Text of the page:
Highlights of Noteworthy Decisions
- Board Directives and Guidelines (earnings basis)
- Earnings basis (long-term) (commencement)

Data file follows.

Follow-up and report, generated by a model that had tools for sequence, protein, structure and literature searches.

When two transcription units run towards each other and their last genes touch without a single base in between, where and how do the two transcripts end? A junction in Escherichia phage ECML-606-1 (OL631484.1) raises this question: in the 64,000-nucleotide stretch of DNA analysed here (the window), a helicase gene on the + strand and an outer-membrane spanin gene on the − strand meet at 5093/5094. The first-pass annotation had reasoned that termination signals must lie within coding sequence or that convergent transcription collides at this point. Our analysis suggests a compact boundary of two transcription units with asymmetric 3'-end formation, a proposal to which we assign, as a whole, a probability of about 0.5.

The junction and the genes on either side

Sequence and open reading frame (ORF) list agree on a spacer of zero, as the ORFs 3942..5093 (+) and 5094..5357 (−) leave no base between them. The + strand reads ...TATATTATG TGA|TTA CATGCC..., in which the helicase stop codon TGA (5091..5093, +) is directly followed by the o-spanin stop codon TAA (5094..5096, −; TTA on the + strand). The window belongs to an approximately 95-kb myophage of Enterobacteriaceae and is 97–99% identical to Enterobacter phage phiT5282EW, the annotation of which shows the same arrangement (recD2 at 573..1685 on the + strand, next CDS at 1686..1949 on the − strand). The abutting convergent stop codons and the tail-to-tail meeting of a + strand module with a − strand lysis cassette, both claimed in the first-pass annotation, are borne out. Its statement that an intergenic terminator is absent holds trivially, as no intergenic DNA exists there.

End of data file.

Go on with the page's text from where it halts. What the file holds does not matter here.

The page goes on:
The worker suffered a low back injury on October 6, 2003, for which he was granted a 22% NEL award. He returned to permanently modified work after eight weeks on December 4, 2003. From January 2004 to April 2004, he performed full-time pre-injury duties, including overtime, but then had to eliminate the overtime and later reduce his hours due to his back condition. He underwent compensable surgery on March 3, 2005. The employer paid the worker his full wages from the time he returned to work in December 2003 until the date of the surgery in March 2005. The Board paid LOE benefits as a result of the surgery. The Board determined that the change from short-term earnings basis to long-term earnings basis should be May 25, 2005, which was the point at which the worker was in receipt of 12 continuous weeks of LOE benefits. The worker appealed, claiming that the recalculation should have been effective from January 2004. The recalculation was based on the worker's earnings during the year before the accident. The worker worked overtime but had only worked one week of overtime during the four weeks prior to the accident. Accordingly, the Board excluded overtime from the short-term earnings basis but included overtime in the long-term earnings basis. It was for this reason that the worker wanted the earlier recalculation date. Board Operational Policy Manual, Document No. 18-02-02, on determining short-term average earnings, provides that benefits are paid based on the short-term earnings basis for the first 12 weeks following an injury. If a worker received benefits for less than 12 weeks, the Board restarts LOE benefits using the short-term earnings basis. Document No. 18-02-03, on determining long-term average earnings, provides that LOE benefits are paid based on the worker's long-term earnings basis from the beginning of the 13th week of LOE benefits. The worker did not receive 12 consecutive weeks of LOE benefits at the time of the accident. He did not receive 12 consecutive weeks of LOE benefits until May 2005. The Board correctly recalculated the worker's benefits using the long-term earnings basis as of May 25, 2005. The Panel noted that there is an exception in Board policy, which provides for recalculation after 12 cumulative weeks of benefits in the case of a recurrence within 28 days of returning to work, but that provision was not applicable in this case. The appeal was dismissed.